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General Hardware Discussion Hard drives, CD, DVD Monitors, All hardware questions not better served by our other Topics


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  #1 (permalink)  
Old 11th November, 2004, 11:56 AM
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The end of legacy?

Well if dell are doing it, is everyone else gonna follow suit?

What's missing :P

And why have dell taken on minimalistic styling on their new keyboards :P
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Old 11th November, 2004, 12:01 PM
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No PS2?

What are the specs on that nice little computer?
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Old 11th November, 2004, 12:17 PM
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2.66 Celeron, 512MB DDR 333.

Nothing fancy, standard PC spec i'm testing before I roll it out to users.
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Old 11th November, 2004, 12:21 PM
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No legacy means: No PS2 ports, no parallel ports, no serial ports, no floppy.

That machine appears to have serial and parallel, so it's still legacy.
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Old 11th November, 2004, 01:03 PM
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I was aware of parallel and COM being legacy.

Maybe i should repharase.

Is this the beginning of the end of legacy?

Didn't Abit start making "MAX" motherboards a year or so ago with no legacy?

Remember i've been out of this game for a year or so now.
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Old 11th November, 2004, 03:49 PM
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Yup, they did. I guess it didn't get them that far though - what happens when your flash goes wrong and you need a floppy to recover the system?
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Old 11th November, 2004, 04:36 PM
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Yeah there is that. You have to send the chip off i guess?
Surely legacy will be phased out some time.
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Old 11th November, 2004, 05:54 PM
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there will never be 'legacy free' because as they rout out the old the current becomes the old.
IDE will soon be a legcy product but I bet optical drives continue to use them for some time to come. PCI is set to be the new ISA and 32bit the new 16bit and will we ever get rid of that blasted floppy
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Old 11th November, 2004, 06:34 PM
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Quote:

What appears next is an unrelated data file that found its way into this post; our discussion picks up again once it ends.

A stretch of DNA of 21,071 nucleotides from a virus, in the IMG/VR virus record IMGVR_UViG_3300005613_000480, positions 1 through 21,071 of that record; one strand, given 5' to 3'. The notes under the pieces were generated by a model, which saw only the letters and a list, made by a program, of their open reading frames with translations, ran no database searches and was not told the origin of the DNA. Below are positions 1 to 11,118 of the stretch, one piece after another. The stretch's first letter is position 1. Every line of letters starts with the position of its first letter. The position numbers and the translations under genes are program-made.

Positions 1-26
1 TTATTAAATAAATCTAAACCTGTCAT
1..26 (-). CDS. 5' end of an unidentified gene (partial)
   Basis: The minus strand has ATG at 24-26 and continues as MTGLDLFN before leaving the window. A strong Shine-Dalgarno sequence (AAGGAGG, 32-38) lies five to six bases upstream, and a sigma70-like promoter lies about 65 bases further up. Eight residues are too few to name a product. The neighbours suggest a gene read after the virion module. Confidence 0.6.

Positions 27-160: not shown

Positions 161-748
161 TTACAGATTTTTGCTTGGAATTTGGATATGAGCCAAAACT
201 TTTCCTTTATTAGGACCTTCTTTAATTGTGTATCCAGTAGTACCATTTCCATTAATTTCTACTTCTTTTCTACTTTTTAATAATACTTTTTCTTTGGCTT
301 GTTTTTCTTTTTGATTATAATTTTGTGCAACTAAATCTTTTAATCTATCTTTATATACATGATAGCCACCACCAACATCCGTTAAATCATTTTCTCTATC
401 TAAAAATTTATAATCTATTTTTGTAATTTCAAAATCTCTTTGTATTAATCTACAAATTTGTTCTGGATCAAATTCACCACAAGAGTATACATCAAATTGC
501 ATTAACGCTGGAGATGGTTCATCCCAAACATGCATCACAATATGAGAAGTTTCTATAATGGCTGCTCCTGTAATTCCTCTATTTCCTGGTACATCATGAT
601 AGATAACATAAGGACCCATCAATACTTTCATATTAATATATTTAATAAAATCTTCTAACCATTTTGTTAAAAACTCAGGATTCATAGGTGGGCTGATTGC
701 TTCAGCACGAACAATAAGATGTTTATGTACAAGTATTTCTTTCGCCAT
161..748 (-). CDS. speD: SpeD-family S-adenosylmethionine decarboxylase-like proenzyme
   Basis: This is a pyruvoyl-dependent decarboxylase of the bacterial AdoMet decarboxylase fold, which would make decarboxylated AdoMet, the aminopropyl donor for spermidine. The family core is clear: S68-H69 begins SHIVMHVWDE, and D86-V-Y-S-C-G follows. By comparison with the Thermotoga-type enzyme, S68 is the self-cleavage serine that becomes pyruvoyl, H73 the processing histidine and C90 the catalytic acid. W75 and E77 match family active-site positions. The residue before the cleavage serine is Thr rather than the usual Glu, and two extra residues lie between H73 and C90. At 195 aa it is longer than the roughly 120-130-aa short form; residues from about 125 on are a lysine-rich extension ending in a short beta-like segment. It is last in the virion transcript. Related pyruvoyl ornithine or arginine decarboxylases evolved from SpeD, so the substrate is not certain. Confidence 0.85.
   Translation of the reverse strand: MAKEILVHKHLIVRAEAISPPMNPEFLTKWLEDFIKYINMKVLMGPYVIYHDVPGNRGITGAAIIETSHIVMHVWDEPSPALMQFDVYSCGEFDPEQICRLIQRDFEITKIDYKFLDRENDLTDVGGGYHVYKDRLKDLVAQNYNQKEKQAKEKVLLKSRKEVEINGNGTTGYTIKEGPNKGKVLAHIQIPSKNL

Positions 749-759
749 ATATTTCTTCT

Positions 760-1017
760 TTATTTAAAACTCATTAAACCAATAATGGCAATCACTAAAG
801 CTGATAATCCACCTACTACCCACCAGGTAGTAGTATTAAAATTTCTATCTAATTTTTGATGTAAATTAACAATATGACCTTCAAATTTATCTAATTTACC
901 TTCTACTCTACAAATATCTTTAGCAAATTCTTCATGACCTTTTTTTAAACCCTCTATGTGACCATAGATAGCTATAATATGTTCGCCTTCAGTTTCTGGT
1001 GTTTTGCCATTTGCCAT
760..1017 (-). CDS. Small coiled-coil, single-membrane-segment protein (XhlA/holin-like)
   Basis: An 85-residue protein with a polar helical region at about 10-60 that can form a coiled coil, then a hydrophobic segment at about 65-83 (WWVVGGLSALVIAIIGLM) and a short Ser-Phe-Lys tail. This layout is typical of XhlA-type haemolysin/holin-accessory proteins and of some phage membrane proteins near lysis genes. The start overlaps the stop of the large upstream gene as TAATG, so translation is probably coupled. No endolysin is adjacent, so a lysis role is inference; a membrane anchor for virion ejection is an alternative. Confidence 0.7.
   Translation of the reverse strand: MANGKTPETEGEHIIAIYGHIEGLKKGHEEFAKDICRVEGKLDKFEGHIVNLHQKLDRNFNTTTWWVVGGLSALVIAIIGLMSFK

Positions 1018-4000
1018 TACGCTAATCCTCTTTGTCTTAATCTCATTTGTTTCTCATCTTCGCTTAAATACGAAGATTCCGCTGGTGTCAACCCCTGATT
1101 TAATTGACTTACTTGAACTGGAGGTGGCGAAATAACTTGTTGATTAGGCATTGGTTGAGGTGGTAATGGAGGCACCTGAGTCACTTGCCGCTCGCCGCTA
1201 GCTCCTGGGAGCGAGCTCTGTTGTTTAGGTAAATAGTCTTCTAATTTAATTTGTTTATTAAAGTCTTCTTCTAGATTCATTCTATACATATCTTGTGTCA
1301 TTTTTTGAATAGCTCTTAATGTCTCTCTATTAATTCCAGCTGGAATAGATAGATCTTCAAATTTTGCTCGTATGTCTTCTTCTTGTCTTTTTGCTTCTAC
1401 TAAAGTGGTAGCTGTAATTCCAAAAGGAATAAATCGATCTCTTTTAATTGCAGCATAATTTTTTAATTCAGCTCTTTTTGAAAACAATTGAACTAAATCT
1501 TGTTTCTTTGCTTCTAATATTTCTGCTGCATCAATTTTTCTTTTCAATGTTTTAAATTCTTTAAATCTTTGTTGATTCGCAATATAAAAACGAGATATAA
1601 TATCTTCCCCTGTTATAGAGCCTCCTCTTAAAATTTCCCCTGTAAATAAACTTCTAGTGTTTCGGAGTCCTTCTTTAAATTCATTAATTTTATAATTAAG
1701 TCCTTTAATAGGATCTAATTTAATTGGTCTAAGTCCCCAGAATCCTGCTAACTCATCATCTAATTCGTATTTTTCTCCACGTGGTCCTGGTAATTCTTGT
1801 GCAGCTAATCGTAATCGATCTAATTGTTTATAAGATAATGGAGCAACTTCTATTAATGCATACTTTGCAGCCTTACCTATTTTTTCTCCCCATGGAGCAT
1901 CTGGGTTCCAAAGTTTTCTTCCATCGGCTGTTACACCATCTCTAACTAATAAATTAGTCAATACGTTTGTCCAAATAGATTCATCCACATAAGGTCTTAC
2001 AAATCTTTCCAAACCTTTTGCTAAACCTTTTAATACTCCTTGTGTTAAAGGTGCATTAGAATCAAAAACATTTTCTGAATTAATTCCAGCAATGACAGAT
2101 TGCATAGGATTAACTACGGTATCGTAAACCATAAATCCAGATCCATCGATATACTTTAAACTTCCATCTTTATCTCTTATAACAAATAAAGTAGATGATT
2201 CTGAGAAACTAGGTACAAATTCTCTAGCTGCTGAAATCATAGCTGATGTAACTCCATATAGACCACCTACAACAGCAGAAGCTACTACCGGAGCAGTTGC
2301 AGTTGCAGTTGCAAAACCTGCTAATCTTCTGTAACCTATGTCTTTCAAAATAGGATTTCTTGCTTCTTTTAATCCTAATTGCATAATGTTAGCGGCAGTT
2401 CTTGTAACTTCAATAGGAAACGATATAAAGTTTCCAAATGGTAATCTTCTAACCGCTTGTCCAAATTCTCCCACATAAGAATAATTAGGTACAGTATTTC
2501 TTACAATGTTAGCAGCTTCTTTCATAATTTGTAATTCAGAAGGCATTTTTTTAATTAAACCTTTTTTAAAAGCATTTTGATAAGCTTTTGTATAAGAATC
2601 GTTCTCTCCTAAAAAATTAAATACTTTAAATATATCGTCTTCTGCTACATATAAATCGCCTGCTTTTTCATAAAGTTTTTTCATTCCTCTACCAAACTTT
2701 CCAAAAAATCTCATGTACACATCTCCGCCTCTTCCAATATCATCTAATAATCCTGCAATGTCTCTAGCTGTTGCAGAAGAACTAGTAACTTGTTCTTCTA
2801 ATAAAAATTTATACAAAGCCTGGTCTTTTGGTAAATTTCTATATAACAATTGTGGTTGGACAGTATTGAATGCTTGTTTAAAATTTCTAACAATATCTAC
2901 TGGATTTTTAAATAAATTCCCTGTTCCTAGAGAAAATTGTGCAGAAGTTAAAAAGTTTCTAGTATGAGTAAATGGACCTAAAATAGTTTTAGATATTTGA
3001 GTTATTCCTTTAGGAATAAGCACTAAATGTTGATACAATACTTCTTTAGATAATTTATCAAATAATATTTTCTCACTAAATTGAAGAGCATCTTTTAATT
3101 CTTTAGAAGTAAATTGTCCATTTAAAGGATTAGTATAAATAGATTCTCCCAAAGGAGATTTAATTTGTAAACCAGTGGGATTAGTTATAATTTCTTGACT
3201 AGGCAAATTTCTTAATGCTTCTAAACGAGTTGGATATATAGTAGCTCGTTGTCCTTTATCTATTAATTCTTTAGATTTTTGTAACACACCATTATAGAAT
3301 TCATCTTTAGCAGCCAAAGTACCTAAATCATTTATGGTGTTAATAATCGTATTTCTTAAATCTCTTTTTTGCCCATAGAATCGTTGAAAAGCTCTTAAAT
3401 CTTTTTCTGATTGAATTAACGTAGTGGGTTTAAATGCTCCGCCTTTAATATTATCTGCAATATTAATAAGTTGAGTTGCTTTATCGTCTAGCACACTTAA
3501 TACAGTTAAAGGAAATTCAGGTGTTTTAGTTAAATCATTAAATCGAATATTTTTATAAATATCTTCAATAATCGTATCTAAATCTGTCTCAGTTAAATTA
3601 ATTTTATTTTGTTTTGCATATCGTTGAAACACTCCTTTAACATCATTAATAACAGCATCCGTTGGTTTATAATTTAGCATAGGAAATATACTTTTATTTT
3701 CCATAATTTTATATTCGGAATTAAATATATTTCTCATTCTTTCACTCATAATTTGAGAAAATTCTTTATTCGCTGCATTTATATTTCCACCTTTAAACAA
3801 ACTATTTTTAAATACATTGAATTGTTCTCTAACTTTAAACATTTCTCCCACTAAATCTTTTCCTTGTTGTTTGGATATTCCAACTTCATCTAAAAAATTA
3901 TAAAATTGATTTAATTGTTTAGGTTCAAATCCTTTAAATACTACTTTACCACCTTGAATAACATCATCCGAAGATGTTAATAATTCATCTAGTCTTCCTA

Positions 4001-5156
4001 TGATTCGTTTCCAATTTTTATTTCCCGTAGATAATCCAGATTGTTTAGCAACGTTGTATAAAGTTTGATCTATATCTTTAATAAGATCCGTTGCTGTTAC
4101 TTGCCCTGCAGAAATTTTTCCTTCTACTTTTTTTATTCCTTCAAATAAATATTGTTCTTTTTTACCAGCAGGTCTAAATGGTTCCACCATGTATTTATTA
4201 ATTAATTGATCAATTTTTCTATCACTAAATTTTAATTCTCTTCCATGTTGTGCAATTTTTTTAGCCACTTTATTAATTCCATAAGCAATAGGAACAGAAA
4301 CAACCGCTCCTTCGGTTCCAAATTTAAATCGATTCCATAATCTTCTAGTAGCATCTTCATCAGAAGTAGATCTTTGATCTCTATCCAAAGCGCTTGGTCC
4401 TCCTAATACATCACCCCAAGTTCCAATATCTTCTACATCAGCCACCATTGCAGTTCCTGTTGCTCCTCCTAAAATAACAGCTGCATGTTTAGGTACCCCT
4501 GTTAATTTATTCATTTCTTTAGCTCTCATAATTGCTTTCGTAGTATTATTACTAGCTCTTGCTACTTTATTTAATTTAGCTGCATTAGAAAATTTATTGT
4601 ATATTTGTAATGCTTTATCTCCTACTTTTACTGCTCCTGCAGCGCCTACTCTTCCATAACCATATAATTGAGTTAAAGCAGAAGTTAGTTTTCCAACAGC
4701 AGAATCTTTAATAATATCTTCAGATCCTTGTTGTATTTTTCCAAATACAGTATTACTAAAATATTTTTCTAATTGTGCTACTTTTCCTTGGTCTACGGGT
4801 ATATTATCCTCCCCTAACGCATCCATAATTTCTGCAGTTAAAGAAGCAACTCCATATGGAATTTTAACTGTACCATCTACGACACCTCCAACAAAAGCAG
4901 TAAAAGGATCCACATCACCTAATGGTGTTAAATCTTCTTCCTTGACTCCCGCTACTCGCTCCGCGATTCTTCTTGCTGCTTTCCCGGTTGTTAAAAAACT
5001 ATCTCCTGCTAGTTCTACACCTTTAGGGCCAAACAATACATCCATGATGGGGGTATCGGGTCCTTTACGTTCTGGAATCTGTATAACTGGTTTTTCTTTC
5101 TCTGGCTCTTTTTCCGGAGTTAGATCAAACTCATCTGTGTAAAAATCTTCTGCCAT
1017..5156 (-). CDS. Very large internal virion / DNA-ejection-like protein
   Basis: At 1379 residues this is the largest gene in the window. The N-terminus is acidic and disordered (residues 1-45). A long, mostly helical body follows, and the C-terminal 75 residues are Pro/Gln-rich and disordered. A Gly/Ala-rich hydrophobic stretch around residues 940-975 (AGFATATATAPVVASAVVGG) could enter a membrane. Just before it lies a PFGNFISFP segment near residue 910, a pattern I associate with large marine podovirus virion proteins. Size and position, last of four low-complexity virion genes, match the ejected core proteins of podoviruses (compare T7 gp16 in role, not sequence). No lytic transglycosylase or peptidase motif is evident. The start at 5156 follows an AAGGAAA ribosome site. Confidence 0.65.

Originally Posted by Áedán
Yup, they did. I guess it didn't get them that far though - what happens when your flash goes wrong and you need a floppy to recover the system?
usb flash keys, maybe? add usb connectivity to the bios(maybe one or 2 ports only...you're set.
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Old 11th November, 2004, 07:49 PM
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Quote:
Originally Posted by GrahamGarside
there will never be 'legacy free' because as they rout out the old the current becomes the old.
IDE will soon be a legcy product but I bet optical drives continue to use them for some time to come. PCI is set to be the new ISA and 32bit the new 16bit and will we ever get rid of that blasted floppy
Why such derision for the lowly floppy? It's saved my bacon more times than I can count when other, 'more modern' technologies didn't work. Just because it's new and sexy doesn't necessarilly make it better.
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Old 11th November, 2004, 08:17 PM
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I only have 1 possible use for my floppy and thats bios recovery, other than that it will ever be used and never has. even this is a simple case of dual bios support like gigabyte offer, which is much more simple and reliable
dvd-ram looked good for a while but never broke mass market
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Old 11th November, 2004, 10:10 PM
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I haven't used mine in a while, but that doesn't mean that I never will. Using my USB drive is much easier (and in the end, cheaper) than floppies. Plus, I can carry it around on my keychain in my pocket so I have it handy whenever it's needed.
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Old 12th November, 2004, 12:51 AM
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Quote:
Originally Posted by GrahamGarside
I only have 1 possible use for my floppy and thats bios recovery, other than that it will ever be used and never has.
Oh, and installing those pesky RAID drivers when you install Windows. You know, the press F6 to install additional storage devices.